Hofstra's Taran Buie looks to pass around William and Mary's...

Hofstra's Taran Buie looks to pass around William and Mary's Matt Rum in the first half. (Jan. 12, 2013) Credit: James Escher

It can get exhausting, coaching or watching Hofstra's men's basketball games. That is encouraging because, despite the team's thin roster, it means the games are interesting. It is a point of pride for the Pride, which scored an encouraging win Saturday, that the team is tired but not tiresome.

"I think we just pull together," Taran Buie said after scoring 24 points in a 70-59 home win over William & Mary. "We say 'family' in our huddles all the time. Every time something happens, we just try to have a family atmosphere. When things don't go right, we just try to pull together. We know that those guys in the locker room and the coaching staff are all we've got."

This win was uplifting for Hofstra because it showed that the one against Georgia State on Monday was no fluke. The Pride was beaten soundly at Delaware on Wednesday, which was basically what was to be expected for a squad that lost four key players to suspension and one to a season-ending injury.

Coach Mo Cassara said his team really won Saturday's game with spirited practices Thursday and Friday. "That's the sign of a team growing, that's the sign of a team sticking together, that's the sign of a team that hasn't given up," said Cassara, who admitted to "screaming and yelling" down the stretch.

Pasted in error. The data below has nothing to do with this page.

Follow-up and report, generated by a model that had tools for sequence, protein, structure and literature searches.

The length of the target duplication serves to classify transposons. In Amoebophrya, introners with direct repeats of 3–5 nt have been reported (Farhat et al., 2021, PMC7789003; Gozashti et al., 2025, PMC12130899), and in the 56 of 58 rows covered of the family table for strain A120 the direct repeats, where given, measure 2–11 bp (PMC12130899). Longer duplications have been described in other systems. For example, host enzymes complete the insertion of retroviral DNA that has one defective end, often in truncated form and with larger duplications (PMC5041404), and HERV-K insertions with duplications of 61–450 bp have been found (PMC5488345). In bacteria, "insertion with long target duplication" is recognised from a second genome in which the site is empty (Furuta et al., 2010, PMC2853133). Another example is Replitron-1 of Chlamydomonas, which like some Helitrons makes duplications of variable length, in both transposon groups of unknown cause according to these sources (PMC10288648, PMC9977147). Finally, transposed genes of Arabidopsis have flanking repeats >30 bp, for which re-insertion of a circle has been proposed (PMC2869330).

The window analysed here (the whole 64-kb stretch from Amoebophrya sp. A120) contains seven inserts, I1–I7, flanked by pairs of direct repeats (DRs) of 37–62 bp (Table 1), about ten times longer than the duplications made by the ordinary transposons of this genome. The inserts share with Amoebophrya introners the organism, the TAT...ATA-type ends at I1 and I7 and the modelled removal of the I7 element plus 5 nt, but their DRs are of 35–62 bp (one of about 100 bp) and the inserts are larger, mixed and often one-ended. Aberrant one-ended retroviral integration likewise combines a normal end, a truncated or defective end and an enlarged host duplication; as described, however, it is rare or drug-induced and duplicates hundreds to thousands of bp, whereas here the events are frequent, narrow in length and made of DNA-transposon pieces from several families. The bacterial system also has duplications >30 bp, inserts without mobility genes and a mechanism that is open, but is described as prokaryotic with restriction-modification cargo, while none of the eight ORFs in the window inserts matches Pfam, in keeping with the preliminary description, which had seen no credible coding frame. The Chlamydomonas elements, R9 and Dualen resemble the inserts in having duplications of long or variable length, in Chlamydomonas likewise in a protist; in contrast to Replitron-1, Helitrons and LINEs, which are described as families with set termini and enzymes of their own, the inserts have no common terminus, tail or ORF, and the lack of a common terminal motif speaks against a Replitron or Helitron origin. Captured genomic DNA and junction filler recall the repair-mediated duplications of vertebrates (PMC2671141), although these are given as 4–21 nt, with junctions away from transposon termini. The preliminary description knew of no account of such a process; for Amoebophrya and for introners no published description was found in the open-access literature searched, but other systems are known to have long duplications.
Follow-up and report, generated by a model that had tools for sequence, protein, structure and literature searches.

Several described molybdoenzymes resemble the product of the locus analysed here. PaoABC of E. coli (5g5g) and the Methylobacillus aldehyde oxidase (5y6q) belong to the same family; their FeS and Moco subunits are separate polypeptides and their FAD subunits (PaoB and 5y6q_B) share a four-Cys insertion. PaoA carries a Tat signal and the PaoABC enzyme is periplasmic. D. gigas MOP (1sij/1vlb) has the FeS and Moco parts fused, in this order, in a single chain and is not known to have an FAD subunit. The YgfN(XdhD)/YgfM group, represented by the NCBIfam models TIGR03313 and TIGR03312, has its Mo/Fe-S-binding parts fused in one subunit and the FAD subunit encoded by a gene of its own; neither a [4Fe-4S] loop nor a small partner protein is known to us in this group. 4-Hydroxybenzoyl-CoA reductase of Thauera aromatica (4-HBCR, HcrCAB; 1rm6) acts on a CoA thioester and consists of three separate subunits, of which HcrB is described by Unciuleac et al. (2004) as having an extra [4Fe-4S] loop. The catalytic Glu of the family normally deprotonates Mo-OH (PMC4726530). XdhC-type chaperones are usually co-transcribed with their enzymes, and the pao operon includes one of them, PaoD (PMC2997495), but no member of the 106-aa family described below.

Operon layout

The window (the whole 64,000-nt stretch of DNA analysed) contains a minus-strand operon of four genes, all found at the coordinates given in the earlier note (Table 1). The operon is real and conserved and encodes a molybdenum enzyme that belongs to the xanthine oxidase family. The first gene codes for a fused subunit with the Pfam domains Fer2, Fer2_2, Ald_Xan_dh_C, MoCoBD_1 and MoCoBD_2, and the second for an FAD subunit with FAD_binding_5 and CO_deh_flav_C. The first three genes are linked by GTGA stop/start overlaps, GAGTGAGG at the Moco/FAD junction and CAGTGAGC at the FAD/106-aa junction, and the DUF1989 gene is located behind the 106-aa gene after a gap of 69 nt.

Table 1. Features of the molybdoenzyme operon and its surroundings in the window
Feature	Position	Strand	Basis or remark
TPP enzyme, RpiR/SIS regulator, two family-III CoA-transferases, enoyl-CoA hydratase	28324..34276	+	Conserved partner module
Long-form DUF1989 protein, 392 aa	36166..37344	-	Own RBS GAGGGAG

Hofstra (5-11, 2-1 Colonial Athletic Association) realizes that it has to have exceptional energy, a good scouting report and just about flawless execution to win. "We have such a small margin for error,'' Cassara said. "That's why I'm on these guys about end-of-game situations and certain plays."

He did not have to yell at them for start-of-game situations Saturday. The Pride came out strong against William & Mary (7-8, 1-3), going up 16-2. Although guard Marcus Thornton, a sophomore whose average of 18.4 points per game is second in the conference, had 17 points, Hofstra -- mostly Jordan Allen -- stifled him for most of the day. Thornton did not score from the field until only 8:31 remained in the game. Overall, he went 3-for-13 and his team shot 34.5 percent.

"That's a good team," Cassara said. "Trust me, they've got a lot of good players. Their backcourt is as good as any in the league."

Hofstra countered with strong inside play: Stephen Nwaukoni scored all seven of his points in the first half and Moussa Kone had all eight of his in the second half. The Pride held off the visitors down the stretch, largely on the free- throw shooting of Stevie Mejia, who finished with 14 points.

The players believe that the best part of their game was the sort of thing that doesn't show on the statistics sheet. "That just comes from each other," said David Imes, who scored 10 points. "It starts with Coach. Everybody just pushes each other. Stevie is the core, and we just ride the wave."

It might turn out to be more like riding out a storm than riding a wave, but Hofstra is not backing down from it. "We just played three games in five days with basically seven guys," Cassara said. "Believe me, we have a long way to go. Nothing is going to be easy with us. But they were encouraging each other on the bench. To me, that's progress."

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